University targets deficit as part of new fiscal strategy

U of A to eliminate a $14-million structural deficit and introduce multi-year budgeting.


Faced with rising cost pressures and an ongoing deficit, the University of Alberta is introducing budget reductions over the next three years as part of a new fiscal strategy.

The university announced today a four per cent preliminary budget reduction target for 2018-19, followed by 2.5 per cent projected reductions in each of the following two budget years. The targets will apply to all university faculties and administrative units.

“The university faces significant financial challenges that must be addressed for our long-term financial sustainability,” said Steven Dew, provost and vice president academic. “Failing to act would not only deepen these challenges, it would compromise our ability to pursue our strategic goals at the institutional and faculty level.”

Gitta Kulczycki, vice president of finance and administration, said the U of A’s financial challenges are influenced by internal and external pressures. Internally, utility costs and contractual commitments have steadily outpaced the university’s growth in revenues. Tough economic conditions have been a challenge across the province while a review of Alberta’s post-secondary funding model adds another element of uncertainty to future budgets.

The university has built several assumptions into its budget planning framework, including no increase to the Campus Alberta grant and a cap on tuition and fees for the next three years.

The budget reductions would eliminate the $14-million structural deficit in the university’s operating budget. Kulczycki said the deficit has existed for some time but has been exacerbated by rising costs and flat revenues. The university has relied increasingly on investment income to help balance the budget—a practice that is unsustainable, particularly given market volatility.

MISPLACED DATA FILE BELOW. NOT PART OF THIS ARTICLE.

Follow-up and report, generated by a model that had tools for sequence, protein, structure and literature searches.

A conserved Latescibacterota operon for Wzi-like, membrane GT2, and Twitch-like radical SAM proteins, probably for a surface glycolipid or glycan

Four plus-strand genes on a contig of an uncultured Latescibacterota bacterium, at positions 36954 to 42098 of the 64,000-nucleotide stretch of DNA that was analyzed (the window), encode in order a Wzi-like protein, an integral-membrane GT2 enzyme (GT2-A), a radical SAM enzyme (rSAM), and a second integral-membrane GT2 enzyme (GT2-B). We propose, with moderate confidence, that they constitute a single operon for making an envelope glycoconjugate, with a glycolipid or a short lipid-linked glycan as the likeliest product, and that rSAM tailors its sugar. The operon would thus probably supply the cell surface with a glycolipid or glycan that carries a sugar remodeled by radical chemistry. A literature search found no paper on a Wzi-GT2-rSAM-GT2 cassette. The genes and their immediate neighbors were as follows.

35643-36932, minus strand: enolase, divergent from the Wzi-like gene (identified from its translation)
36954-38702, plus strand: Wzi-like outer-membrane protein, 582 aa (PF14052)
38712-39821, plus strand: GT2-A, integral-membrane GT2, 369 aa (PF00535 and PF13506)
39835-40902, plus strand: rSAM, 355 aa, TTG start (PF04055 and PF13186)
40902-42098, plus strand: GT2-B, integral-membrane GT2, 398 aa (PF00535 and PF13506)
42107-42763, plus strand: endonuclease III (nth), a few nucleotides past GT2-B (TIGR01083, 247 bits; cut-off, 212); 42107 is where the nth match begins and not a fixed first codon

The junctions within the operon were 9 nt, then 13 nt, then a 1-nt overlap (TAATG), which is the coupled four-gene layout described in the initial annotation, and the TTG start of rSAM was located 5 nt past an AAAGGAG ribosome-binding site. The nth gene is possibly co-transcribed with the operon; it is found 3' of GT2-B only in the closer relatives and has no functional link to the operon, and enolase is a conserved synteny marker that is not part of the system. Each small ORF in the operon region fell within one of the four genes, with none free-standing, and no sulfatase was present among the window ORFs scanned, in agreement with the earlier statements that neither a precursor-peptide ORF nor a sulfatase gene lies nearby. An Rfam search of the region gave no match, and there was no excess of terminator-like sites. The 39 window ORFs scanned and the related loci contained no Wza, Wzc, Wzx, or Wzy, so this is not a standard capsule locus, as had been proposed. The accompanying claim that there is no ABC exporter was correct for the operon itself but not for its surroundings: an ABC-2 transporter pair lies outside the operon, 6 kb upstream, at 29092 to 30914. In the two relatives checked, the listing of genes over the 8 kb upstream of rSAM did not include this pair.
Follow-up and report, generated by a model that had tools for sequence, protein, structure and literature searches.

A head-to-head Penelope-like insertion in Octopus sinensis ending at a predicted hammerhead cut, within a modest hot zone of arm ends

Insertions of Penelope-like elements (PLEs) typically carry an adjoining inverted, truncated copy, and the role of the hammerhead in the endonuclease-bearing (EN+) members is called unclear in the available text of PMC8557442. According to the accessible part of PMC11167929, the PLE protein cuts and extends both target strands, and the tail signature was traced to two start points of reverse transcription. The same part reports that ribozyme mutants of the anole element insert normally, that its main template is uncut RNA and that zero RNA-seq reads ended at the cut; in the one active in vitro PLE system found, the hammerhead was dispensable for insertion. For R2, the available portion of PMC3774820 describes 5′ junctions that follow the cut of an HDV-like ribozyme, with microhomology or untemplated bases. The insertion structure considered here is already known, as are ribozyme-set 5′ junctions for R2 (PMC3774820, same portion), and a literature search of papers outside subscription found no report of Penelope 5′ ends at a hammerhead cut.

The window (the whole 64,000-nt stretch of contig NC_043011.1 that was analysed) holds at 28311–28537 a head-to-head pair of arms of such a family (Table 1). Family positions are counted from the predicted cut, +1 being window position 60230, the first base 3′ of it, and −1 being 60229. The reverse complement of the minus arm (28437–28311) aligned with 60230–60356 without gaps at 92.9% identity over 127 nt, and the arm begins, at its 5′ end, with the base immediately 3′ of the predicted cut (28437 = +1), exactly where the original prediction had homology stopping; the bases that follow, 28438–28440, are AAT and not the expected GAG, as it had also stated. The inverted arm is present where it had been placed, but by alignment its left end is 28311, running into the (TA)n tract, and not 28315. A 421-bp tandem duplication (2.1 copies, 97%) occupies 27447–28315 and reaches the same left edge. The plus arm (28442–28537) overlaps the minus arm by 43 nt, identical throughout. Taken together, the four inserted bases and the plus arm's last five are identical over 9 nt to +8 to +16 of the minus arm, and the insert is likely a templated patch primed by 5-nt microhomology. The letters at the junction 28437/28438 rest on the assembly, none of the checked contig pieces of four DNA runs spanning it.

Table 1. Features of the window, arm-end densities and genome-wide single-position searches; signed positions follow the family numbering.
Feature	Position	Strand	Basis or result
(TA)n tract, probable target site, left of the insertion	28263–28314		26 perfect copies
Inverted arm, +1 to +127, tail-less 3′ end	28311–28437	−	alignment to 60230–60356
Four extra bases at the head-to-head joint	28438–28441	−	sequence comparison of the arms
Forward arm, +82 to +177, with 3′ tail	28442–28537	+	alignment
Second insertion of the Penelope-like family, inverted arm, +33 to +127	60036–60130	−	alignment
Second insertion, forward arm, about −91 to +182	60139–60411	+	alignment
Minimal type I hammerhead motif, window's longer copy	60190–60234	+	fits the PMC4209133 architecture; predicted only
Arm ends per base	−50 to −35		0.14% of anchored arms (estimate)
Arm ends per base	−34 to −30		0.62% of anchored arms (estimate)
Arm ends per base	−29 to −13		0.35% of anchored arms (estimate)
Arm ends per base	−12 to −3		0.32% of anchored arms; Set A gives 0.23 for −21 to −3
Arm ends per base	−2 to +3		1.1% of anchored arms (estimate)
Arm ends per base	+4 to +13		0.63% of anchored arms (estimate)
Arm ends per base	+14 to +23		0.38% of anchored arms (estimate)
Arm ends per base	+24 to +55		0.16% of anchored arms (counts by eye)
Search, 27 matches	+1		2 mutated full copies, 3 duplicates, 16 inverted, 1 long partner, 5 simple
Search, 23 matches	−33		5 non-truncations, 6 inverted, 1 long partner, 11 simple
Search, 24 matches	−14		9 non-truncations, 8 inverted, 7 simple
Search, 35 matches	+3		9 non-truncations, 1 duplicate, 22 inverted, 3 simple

Over time, instead of using investment income to offset the deficit, the university will use that revenue for strategic teaching, learning and research priorities, in accordance with the U of A’s strategic plan, For the Public Good. The university might also use the funds to apply for government grant programs that require matching dollars.

A new multi-year budget planning and accountability process has been developed to assist faculty deans and senior leaders of administrative units in achieving budget reduction targets. Preliminary budget parameters were shared and discussed at the Oct. 18 Dean’s Council and details will be reviewed and discussed with each dean and unit head in November and December. One of the goals is to ensure faculties and units still have the flexibility and decision-making authority needed to pursue local priorities and strategic initiatives.

“All members of the senior leadership team recognize that achieving these budget reductions represents a serious challenge for faculties and administrative units,” said Kulczycki. “This is a challenge we have to face together, as a community, to ensure the university is on a sustainable path.”

The budget reductions will not affect the university’s infrastructure improvement program, which is part of the capital budget.

The university community will have a chance to learn more about the budget process at a campus forum on Nov. 9 at noon. The event is open to all faculty, staff and students.